Breast Cancer

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TU_10_3419 - Risk of cardiac disease after adjuvant radiation therapy among breast cancer survivors

Tuesday, October 23
2:45 PM - 4:15 PM
Location: Innovation Hub, Exhibit Hall 3

Risk of cardiac disease after adjuvant radiation therapy among breast cancer survivors
J. Chang1, J. Shin2, N. Kim1, E. C. Park3, and Y. B. B. Kim4; 1Department of Radiation Oncology, Yonsei Cancer Center, Yonsei University College of Medicine, Seoul, Korea, Republic of (South), 2Department of Policy Analysis and Management, College of Human Ecology, Cornell University, Ithaca, NY, 3Department of Preventive Medicine, Yonsei University College of Medicine, Seoul, Korea, Republic of (South), 4Department of Radiation Oncology, Yonsei Cancer Center, Yonsei University College of Medicine,, Seoul, Korea, Republic of (South)

Purpose/Objective(s): Adjuvant radiation therapy (RT) for breast cancer is associated with heart disease, although the impact of patient-specific factors on the interaction between cardiac risk and RT is not well-known. The objective of this study is to compare acute coronary events (ACE) among the general Korean population and women with breast cancer after adjuvant RT. Secondary analysis evaluated whether a healthy lifestyle could protect against RT-related cardiac toxicity.

Materials/Methods: The Korean National Health Insurance Service-Health Screening Cohort (2002–2013) includes 514,866 participants who were randomly selected to account for 10% of all health screenings that were performed during 2002–2003 and were followed-up through 2013. We retrospectively identified 235,741 women, including 1,015 women who underwent adjuvant RT after breast surgery for newly diagnosed breast cancer between 2002 and 2013. Physical activity was evaluated using the following question: “During the past week, on how many days did you perform moderate physical activities that made you breathe heavier than normal?” The responses were categorized as (1) none or (2) at least one day. The risk of developing ACE over time while accounting for competing risks from other causes of death.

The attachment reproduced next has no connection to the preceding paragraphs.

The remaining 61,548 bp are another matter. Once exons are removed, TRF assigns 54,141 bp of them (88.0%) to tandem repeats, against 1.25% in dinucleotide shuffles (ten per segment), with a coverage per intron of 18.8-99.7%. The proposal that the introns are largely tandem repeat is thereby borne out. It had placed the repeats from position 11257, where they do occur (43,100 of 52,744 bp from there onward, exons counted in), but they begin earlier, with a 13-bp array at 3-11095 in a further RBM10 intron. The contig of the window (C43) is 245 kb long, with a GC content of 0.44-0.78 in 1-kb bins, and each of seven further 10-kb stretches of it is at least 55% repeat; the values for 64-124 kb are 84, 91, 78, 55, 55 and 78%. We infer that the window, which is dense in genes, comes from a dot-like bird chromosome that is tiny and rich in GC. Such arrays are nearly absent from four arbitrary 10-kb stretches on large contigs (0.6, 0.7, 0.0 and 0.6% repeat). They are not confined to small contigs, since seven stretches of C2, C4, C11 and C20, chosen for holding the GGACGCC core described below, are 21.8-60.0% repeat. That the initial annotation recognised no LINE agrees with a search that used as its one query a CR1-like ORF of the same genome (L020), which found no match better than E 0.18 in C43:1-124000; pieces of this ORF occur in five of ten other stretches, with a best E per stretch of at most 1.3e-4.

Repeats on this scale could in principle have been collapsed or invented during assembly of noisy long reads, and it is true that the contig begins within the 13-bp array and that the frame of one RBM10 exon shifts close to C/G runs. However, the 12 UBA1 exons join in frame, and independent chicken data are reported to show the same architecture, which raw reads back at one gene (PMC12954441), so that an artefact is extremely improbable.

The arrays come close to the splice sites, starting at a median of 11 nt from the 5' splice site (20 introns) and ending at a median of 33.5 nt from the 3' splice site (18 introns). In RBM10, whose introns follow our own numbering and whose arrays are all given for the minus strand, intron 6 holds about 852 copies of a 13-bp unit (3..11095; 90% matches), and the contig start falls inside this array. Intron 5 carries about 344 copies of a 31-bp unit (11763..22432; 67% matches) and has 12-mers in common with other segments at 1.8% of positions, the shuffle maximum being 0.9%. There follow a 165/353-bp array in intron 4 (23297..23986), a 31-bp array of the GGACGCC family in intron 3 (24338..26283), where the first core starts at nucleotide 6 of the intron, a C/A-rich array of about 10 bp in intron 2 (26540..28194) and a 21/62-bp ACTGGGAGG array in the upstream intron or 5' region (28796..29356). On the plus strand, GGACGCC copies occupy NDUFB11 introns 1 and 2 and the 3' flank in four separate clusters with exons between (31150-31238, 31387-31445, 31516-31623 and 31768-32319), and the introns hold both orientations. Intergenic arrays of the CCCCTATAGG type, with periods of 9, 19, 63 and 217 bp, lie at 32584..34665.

Results: 1,015 women with breast cancer who underwent adjuvant RT were matched to 8,120 women without cancer according to age, comorbidities, and smoking history. The cohort contained large proportions of subjects who never smoked (97%), were not obese (body mass index = 30 kg/m2, 96.5%), and performed exercise (83%). During 5.1±3.0 years of follow-up, the 5- and 10-year cumulative incidences of ACE were 5.5% and 11.3%, respectively. The breast cancer survivors and population-based sample had similar risks of ACE (hazard ratio: 0.94, 95% confidence interval: 0.69–1.28). However, in the sensitivity and subgroup analyses, breast cancer survivors had increased risks of ACE if they did not exercise or had a disability.

Conclusion: During the first decade after RT, breast cancer survivors and women from the general Korean population had similar risks of heart disease. Most subjects had healthy lifestyle factors, which may be underrepresented in Western studies. Performing at least moderate physical activity is associated with protection against RT-related cardiac disease. These findings suggest that patients who undergo breast RT should be encouraged to perform exercise and maintain a healthy weight in order to optimize their long-term quality of life.

Author Disclosure: J. Chang: None. J. Shin: None. N. Kim: None.

Jeesuk Chang, MD

Yonsei Cancer Center

Disclosure:
Employment
Yonsei University College of Medicine: Employee: Employee

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